Day six of forty degree temperatures on and off and I am at my wits end. My boy shows small glimmers of his usual demeanour in the “pumped up on empaped” window. The rest of the time, he sleeps, whines, or stares blankly at the TV. We usually have an energiser bunny on our hands, who can’t sit still for a moment. It’s driving me crazy and I don’t know what else to try. I’m missing my little whirlwind running through the house, laughing and playing. I would rather have him being on his worst behaviour than this. Give me a naughty child any day, this sick one is breaking my heart.
It’s January 1st and I feel like I have been out partying all night. Although my “hangover” is due to a lack of sleep and not over-indulgence. Alex has been sick for almost two weeks. Our holiday has included 2 trips to the emergency room (real trips this time) and one visit to a GP. He has had temperatures of 40, on and off for the last 4 days, so with doses of Calpol, 2 courses of antibiotics, voltaren suppositories and wrapping him in tepid towels we have been playing yo-yo with his temperature. Alex tends to vomit when his temp exceeds 38, so we’ve been cleaning up a lot of that too.
So last night, just after midnight while everyone was screaming happy new year and letting off noisy fireworks, I was running a tepid bath for my poor, poor boy. He spent the rest of the night sleeping in between us, feeling like someone had sneaked a hot potato into our bed. Wash, rinse and repeat at about 4, including more vomiting, and diarrhoea for good measure . To add to our woes, we found out from the chemist yesterday, when we filled the script for the top-up antibiotics and more voltaren suppositories that the casualty doctor grossly over-prescribed when giving us the suppositories, and the antibiotics. So I am hoping with all my soul that the 3 suppositories that were more than double the dose he should be having for his age and weight, have not caused any lasting damage. (Caris slept through the whole ordeal).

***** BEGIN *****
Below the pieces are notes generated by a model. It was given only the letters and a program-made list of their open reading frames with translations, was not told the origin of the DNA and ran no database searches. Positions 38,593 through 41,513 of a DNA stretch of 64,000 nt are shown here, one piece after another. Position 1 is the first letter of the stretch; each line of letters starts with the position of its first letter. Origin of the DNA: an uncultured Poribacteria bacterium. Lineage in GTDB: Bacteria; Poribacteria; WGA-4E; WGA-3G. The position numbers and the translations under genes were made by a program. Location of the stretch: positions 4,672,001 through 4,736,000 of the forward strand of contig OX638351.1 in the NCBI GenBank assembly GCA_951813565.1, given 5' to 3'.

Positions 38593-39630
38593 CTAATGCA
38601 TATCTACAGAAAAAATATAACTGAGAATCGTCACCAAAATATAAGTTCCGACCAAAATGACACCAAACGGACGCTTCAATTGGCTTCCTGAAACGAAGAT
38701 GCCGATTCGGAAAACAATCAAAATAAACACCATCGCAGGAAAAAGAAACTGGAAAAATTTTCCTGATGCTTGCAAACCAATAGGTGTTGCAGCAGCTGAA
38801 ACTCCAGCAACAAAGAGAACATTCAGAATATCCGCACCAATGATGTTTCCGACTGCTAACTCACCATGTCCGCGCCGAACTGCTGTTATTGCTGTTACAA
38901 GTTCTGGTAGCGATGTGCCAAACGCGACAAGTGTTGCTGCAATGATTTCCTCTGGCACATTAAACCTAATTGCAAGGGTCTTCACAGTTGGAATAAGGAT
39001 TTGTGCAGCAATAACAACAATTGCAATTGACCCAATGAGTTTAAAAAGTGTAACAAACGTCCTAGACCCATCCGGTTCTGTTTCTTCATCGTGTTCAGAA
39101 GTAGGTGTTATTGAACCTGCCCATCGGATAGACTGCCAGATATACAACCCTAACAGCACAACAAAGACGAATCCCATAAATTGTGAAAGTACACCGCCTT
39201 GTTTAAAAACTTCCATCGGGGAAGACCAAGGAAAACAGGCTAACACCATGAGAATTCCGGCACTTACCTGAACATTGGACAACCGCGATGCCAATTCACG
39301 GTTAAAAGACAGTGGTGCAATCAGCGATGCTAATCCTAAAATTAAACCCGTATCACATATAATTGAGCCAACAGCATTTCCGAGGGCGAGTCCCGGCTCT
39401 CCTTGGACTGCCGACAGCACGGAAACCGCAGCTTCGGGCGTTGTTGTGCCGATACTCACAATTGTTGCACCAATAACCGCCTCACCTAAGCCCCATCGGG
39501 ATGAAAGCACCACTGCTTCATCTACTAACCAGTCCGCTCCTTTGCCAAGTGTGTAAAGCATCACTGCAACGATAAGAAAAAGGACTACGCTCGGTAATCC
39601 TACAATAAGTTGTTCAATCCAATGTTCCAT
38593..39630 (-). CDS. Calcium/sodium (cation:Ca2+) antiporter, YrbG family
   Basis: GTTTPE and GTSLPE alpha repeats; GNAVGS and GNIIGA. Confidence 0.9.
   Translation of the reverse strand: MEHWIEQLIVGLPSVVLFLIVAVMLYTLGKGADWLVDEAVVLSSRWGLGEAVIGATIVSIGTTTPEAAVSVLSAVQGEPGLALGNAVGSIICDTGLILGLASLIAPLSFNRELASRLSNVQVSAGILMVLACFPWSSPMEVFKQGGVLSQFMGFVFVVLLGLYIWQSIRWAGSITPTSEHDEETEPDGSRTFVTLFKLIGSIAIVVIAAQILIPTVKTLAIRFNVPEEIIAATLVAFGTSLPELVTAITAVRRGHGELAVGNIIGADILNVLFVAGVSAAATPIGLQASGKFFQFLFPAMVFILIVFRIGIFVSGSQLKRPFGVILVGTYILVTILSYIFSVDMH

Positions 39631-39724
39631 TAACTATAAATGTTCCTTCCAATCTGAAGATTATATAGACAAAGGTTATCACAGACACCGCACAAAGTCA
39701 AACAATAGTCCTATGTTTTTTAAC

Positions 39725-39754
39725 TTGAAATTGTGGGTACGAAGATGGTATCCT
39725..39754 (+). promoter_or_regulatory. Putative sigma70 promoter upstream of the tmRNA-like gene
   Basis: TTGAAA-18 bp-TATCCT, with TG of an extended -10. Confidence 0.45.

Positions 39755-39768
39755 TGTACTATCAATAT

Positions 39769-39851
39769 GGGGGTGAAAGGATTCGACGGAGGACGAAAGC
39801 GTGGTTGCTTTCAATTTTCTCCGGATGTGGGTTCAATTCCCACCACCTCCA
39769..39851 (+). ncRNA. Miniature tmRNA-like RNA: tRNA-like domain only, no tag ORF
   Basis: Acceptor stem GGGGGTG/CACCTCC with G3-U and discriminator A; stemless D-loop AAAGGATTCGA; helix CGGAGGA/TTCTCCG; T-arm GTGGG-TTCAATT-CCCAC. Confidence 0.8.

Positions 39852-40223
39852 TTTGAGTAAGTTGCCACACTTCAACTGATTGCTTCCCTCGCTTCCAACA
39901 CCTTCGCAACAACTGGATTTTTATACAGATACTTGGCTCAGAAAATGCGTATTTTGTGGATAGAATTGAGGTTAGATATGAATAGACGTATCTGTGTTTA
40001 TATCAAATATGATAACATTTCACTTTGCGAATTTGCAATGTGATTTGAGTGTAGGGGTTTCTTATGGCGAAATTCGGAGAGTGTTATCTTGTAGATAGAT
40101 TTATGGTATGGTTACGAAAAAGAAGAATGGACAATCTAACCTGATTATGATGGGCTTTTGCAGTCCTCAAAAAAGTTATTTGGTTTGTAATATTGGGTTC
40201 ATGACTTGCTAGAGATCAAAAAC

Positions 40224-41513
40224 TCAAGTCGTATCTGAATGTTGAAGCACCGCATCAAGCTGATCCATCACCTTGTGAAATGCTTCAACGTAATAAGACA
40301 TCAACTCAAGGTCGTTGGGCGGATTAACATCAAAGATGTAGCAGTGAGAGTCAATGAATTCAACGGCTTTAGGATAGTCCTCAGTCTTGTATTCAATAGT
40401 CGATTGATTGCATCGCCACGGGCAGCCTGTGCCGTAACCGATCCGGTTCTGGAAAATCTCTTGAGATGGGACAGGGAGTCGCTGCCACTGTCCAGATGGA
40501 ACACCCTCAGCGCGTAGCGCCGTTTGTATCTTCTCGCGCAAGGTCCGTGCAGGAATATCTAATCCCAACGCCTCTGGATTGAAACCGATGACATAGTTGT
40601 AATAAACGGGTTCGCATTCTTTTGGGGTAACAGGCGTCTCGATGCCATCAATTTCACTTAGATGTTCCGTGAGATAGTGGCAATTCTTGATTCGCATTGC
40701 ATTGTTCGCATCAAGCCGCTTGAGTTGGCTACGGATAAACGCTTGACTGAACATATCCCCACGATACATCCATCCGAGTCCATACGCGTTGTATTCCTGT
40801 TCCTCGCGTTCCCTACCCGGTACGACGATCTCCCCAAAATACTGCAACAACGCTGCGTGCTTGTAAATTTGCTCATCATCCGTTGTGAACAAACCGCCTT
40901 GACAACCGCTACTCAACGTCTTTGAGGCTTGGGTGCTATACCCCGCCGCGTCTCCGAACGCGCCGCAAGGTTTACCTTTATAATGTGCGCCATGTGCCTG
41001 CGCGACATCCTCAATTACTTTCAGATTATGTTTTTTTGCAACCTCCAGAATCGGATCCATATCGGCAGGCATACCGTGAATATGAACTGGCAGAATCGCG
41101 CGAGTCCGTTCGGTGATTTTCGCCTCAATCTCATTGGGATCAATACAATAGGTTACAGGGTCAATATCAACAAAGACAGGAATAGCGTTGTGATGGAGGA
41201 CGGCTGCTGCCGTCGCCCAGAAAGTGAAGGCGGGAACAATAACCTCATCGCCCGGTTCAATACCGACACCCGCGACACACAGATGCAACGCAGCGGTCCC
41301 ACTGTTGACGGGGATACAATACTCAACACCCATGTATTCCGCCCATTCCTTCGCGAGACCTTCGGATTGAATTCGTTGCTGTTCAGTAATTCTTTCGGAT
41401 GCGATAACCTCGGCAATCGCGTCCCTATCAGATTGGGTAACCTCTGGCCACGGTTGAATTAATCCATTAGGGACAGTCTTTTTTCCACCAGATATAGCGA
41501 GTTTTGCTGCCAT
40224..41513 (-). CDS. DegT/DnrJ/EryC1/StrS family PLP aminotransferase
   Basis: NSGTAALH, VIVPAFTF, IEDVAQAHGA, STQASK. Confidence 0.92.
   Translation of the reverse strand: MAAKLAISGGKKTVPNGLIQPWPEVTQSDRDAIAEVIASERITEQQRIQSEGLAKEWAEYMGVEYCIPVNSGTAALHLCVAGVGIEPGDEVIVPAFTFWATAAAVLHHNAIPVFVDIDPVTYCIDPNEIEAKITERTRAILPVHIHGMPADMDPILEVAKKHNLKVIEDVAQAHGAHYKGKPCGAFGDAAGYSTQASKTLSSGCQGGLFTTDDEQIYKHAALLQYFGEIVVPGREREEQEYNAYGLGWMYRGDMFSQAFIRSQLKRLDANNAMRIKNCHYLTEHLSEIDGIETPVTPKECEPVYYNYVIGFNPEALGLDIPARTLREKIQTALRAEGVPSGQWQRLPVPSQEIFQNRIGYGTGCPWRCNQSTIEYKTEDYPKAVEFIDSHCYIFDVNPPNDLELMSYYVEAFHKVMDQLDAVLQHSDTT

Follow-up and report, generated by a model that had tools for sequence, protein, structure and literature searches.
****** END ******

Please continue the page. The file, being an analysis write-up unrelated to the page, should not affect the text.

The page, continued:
I’m definitely sending an email to hospital management.
So the start to the year has not been a good one, and I am really worried about my boy.
2011 was an interesting year, with a mix of highs and lows.
We were in Ballito last year as well, and I remember standing in the shower on the morning of January first, and crying my eyes out. I was 22 weeks pregnant with Caris, feeling very sorry for myself and my unplanned pregnancy. Gary was grumpy with me because we had stayed home on New Years eve, and to top it off, I had had a huge argument with Craig on Christmas day that was still creating an uncomfortable vibe in the house. Then to add more fuel to the fire, Stuart said something that really pissed me off, and as I stood in the shower drowning my sorrows, I contemplated walking away from everything, playing scenarios of being a single mom of two in my head. (Cue dramatic music) Step-parenting sometimes sucks in a big way, and I’m still waiting for my medal in the post.
So now that I think about it, 2011 got off to a shitty start as well.
* “The terrible twos”: clingyness, whining, general non-compliance (exacerbated by the impending arrival of a new baby)
* My mother being hospitalised for pneumonia, which gave me a huge wake up in terms of my childcare “plan B”
* My father being diagnosed with macular degeneration
* Saying goodbye to some toxic friendships
* A divorce in the family
A Few Highs:
* The birth of my sweet baby girl, little Miss-happy, Caris. Watching her grow and develop and turn into edible cuteness.
* Alex starting school, and watching him blossom and learn new stuff every day. (Also, sadly seeing Alex “my baby”, become a “big boy” overnight)
* No more nappies for Alex!
* Having 6 months off work! And having had some time to reflect on whether or not I am still happy doing what I’m doing. I can see that 2012 will be a year of big changes for me.
* Starting a blog – it is amazing what a great outlet writing is. Even if no-one reads it, seeing my thoughts in black and white is incredibly therapeutic.
So, while the year has launched off with a rather bumpy start, I just have a feeling in my bones that it will be a good year.
Happy new year.
“The decision to have a child is to accept that your heart will forever walk about outside your body.” Katherine Hadley